I bypassed Marion on US 501 north of town. This turns out to be a large four-lane divided highway that connects with I-20. My GPS led me just off of the highway into the Spring Branch community. I spotted an old brick church to my left and an older wood frame Greek Revival structure across the street. This was the old building for Spring Branch Baptist. A newer version of the church was just down the road.
I knew there was an old school around here somewhere. I circled the block and found that if I had turned left instead of right I would have spotted it immediately. The brick two-story structure was sitting on the other side of the brick church.
I was able to find a photo of the school in the School Insurance Photos.
Back on 501 and just around the corner from Spring Branch I found another old school. There had been a Rosenwald School in the community. This was replaced with an Equalization school.
Not too far from Spring Branch is the old Ebenezer Church. This was yet another wood frame Greek Revival structure. There were two entrances, both with red doors. Lutheran? There was a cemetery, but I did not get out to explore. After all, it was one of the hottest days of the year.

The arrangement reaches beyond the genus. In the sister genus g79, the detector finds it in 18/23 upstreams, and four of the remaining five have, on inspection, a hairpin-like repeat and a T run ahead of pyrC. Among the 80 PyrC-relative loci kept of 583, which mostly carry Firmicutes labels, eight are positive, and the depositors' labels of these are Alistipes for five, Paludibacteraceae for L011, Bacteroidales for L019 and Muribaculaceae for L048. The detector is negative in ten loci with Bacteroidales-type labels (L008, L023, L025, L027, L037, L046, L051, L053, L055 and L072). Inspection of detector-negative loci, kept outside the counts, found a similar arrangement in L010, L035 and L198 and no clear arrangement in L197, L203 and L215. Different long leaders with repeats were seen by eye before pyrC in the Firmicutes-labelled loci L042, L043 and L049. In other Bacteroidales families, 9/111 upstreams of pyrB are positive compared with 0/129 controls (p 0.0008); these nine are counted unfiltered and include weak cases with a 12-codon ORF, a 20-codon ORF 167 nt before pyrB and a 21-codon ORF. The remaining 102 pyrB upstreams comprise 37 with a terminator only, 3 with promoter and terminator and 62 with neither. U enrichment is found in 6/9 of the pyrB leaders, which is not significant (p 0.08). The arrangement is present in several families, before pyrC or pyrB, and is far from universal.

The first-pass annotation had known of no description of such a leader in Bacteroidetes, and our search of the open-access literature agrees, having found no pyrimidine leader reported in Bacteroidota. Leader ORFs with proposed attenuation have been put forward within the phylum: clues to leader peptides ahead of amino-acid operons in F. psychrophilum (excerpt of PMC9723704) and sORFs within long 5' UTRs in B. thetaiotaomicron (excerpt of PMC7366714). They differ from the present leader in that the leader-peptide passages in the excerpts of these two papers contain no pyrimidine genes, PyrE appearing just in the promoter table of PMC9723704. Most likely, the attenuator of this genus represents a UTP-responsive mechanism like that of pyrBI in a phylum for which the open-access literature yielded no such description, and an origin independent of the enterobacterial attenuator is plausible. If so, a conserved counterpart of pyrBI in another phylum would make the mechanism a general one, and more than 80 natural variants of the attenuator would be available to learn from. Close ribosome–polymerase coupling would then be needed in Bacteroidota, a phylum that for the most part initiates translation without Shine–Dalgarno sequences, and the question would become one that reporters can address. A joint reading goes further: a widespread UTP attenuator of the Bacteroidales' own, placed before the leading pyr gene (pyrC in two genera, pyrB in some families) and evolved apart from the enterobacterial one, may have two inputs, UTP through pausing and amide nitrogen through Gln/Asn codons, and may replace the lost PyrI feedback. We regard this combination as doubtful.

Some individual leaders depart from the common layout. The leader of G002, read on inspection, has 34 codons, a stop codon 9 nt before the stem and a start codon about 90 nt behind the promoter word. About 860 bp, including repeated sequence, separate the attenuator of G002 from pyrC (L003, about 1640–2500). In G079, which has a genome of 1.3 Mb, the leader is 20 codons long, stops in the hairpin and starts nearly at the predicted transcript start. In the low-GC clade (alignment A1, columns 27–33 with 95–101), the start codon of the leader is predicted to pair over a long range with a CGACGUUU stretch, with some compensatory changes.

I drove from Ebenezer straight on into the town of Latta. As with Marion, it would have been easy to get distracted by the history of the area. Road construction forced a detour away from the downtown area, otherwise I might have had to explore a bit more. The Dillon County Museum also would have been an interesting stop, but didn’t seem to be open.
The last two targets I decided to pursue were northwest of Latta.
These two targets were across the street from each other just before reaching the I-20 overpass. Catfish Baptist Church is…you guessed it, a wood frame Greek Revival structure. This places the building in the late 1800’s, specifically 1883. The building is on the National Register of Historic Places.
After reading the entry on the SC NRHP website I wish I had taken a bit more time to explore. The portico was added in 1970, but the arched entryway sounds quite interesting.
The façade consists of a centrally placed, stilted arch entrance with two, four-panel sliding doors which become recessed into the wall when opened.